Dietary acculturation and body composition predict American Mmong children's blood pressure

Research output: Contribution to journalArticle

9 Citations (Scopus)

Abstract

Objectives: Determine how dietary acculturation, anthropometric measures (height, weight, circumferences, and skinfolds), body mass index (BMI), and waist hip ratios (WHRs) are associated with blood pressure (BP) measures in Hmong children living in Minnesota. Methods: Acculturation was measured using responses to questions regarding language usage, social connections, and diet. Dietary assessment was completed using the multiple-pass 24-h dietary recall method on two different days. Anthropometric and BP measurement were taken using standard procedures, and BMI and WHR were calculated. Data analyses included descriptive statistics, ANOVA, and stepwise regression analyses. Results: Using stepwise regression analysis, hip circumference (HC) predicted boys' systolic (S)BP (R 2 = 0.55). For girls' SBP, mid-upper arm circumference, WHR, low calcium consumption, and height percentile jointly explained 41% of the total variation. Mid upper arm circumference (MAC) and carbohydrate consumption predicted 35% of the variance for boys' diastolic (D)BP, and HC, dairy consumption, and calcium intake predicted 31% of the total variance for girls' DBP. Responses to dietary acculturation questions revealed between group differences for breakfast with half of the younger Born-Thailand/Laos (Born-T/L) consuming mostly Hmong food, while at dinner Born-US consumed a mixed diet and Born-T/L were more likely to consume Hmong food. Conclusion: Dietary acculturation and body composition predict Hmong children's BP.

Original languageEnglish (US)
Pages (from-to)666-674
Number of pages9
JournalAmerican Journal of Human Biology
Volume24
Issue number5
DOIs
StatePublished - Sep 1 2012

Fingerprint

acculturation
Acculturation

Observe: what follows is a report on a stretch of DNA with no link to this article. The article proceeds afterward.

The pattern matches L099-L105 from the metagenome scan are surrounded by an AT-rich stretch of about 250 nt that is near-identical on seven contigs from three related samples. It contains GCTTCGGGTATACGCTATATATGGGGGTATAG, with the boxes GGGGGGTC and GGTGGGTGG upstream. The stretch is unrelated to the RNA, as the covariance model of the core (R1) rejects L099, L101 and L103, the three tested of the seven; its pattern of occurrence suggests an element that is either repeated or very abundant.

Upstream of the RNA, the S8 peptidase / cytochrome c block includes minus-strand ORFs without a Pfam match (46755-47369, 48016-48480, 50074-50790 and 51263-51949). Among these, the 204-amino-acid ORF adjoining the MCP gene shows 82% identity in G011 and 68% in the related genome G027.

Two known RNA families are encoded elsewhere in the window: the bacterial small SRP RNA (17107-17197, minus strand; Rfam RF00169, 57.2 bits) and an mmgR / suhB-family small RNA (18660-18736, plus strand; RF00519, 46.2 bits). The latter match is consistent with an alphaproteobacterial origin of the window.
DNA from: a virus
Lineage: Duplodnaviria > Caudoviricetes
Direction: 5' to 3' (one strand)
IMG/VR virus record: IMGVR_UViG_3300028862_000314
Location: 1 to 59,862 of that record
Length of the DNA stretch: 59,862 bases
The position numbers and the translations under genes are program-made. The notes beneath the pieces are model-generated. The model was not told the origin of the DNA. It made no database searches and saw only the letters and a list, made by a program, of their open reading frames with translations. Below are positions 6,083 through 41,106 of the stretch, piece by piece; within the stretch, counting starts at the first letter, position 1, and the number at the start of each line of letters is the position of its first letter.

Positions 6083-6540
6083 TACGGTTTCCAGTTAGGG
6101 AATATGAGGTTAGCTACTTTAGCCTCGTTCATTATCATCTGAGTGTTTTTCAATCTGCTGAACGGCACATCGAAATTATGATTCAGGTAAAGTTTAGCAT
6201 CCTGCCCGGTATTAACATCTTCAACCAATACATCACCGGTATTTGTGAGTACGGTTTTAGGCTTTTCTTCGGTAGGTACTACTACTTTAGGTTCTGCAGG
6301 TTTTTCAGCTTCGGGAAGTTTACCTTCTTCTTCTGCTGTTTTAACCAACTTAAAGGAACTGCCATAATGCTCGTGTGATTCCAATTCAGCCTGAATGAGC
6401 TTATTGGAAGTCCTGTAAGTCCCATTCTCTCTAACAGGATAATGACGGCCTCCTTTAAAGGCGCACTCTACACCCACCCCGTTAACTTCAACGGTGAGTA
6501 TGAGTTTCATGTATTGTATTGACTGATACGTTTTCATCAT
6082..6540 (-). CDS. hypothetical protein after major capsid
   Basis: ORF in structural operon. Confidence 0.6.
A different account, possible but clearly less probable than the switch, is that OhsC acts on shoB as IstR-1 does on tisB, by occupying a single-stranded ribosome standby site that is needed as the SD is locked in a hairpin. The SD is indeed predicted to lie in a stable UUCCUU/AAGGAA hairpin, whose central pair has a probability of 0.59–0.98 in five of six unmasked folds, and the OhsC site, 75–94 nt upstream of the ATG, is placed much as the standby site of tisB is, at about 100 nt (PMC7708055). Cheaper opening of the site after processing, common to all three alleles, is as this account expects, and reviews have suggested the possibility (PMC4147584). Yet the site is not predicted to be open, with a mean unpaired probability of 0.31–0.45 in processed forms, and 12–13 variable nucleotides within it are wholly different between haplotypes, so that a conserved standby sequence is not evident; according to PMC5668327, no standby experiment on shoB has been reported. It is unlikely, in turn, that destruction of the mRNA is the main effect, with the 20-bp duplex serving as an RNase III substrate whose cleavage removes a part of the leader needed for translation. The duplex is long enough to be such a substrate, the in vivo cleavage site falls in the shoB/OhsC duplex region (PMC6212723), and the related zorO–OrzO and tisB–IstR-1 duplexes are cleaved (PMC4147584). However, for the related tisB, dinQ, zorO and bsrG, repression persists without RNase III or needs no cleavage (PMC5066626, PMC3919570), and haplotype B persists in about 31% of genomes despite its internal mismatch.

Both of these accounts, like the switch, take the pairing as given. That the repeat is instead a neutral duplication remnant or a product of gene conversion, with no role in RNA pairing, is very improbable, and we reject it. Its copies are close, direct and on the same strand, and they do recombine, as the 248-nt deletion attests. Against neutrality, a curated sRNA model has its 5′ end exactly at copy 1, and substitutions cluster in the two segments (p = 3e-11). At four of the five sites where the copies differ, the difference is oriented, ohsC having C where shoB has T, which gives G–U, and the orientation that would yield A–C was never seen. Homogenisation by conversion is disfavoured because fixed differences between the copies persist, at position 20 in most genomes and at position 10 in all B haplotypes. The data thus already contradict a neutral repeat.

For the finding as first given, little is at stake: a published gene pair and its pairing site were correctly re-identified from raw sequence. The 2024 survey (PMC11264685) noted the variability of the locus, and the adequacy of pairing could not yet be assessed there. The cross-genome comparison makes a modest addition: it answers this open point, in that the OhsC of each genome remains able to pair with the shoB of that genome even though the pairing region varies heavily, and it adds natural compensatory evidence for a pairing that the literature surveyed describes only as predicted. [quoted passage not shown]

Body Composition
hips
blood pressure
body composition
blood
Waist-Hip Ratio
waist
Blood Pressure
Laos
arm circumference
Thailand
body mass
body mass index
Hip
food
Body Mass Index
Arm
language usage

ASJC Scopus subject areas

  • Anatomy
  • Ecology, Evolution, Behavior and Systematics
  • Anthropology
  • Genetics

Cite this

Dietary acculturation and body composition predict American Mmong children's blood pressure. / Smith, Chery; Franzen-Castle, Lisa D.

In: American Journal of Human Biology, Vol. 24, No. 5, 01.09.2012, p. 666-674.

Research output: Contribution to journalArticle

@article{721ee0f078674ae4a7ac45de20ad2e41,
title = "Dietary acculturation and body composition predict American Mmong children's blood pressure",
abstract = "Objectives: Determine how dietary acculturation, anthropometric measures (height, weight, circumferences, and skinfolds), body mass index (BMI), and waist hip ratios (WHRs) are associated with blood pressure (BP) measures in Hmong children living in Minnesota. Methods: Acculturation was measured using responses to questions regarding language usage, social connections, and diet. Dietary assessment was completed using the multiple-pass 24-h dietary recall method on two different days. Anthropometric and BP measurement were taken using standard procedures, and BMI and WHR were calculated. Data analyses included descriptive statistics, ANOVA, and stepwise regression analyses. Results: Using stepwise regression analysis, hip circumference (HC) predicted boys' systolic (S)BP (R 2 = 0.55). For girls' SBP, mid-upper arm circumference, WHR, low calcium consumption, and height percentile jointly explained 41{\%} of the total variation. Mid upper arm circumference (MAC) and carbohydrate consumption predicted 35{\%} of the variance for boys' diastolic (D)BP, and HC, dairy consumption, and calcium intake predicted 31{\%} of the total variance for girls' DBP. Responses to dietary acculturation questions revealed between group differences for breakfast with half of the younger Born-Thailand/Laos (Born-T/L) consuming mostly Hmong food, while at dinner Born-US consumed a mixed diet and Born-T/L were more likely to consume Hmong food. Conclusion: Dietary acculturation and body composition predict Hmong children's BP.",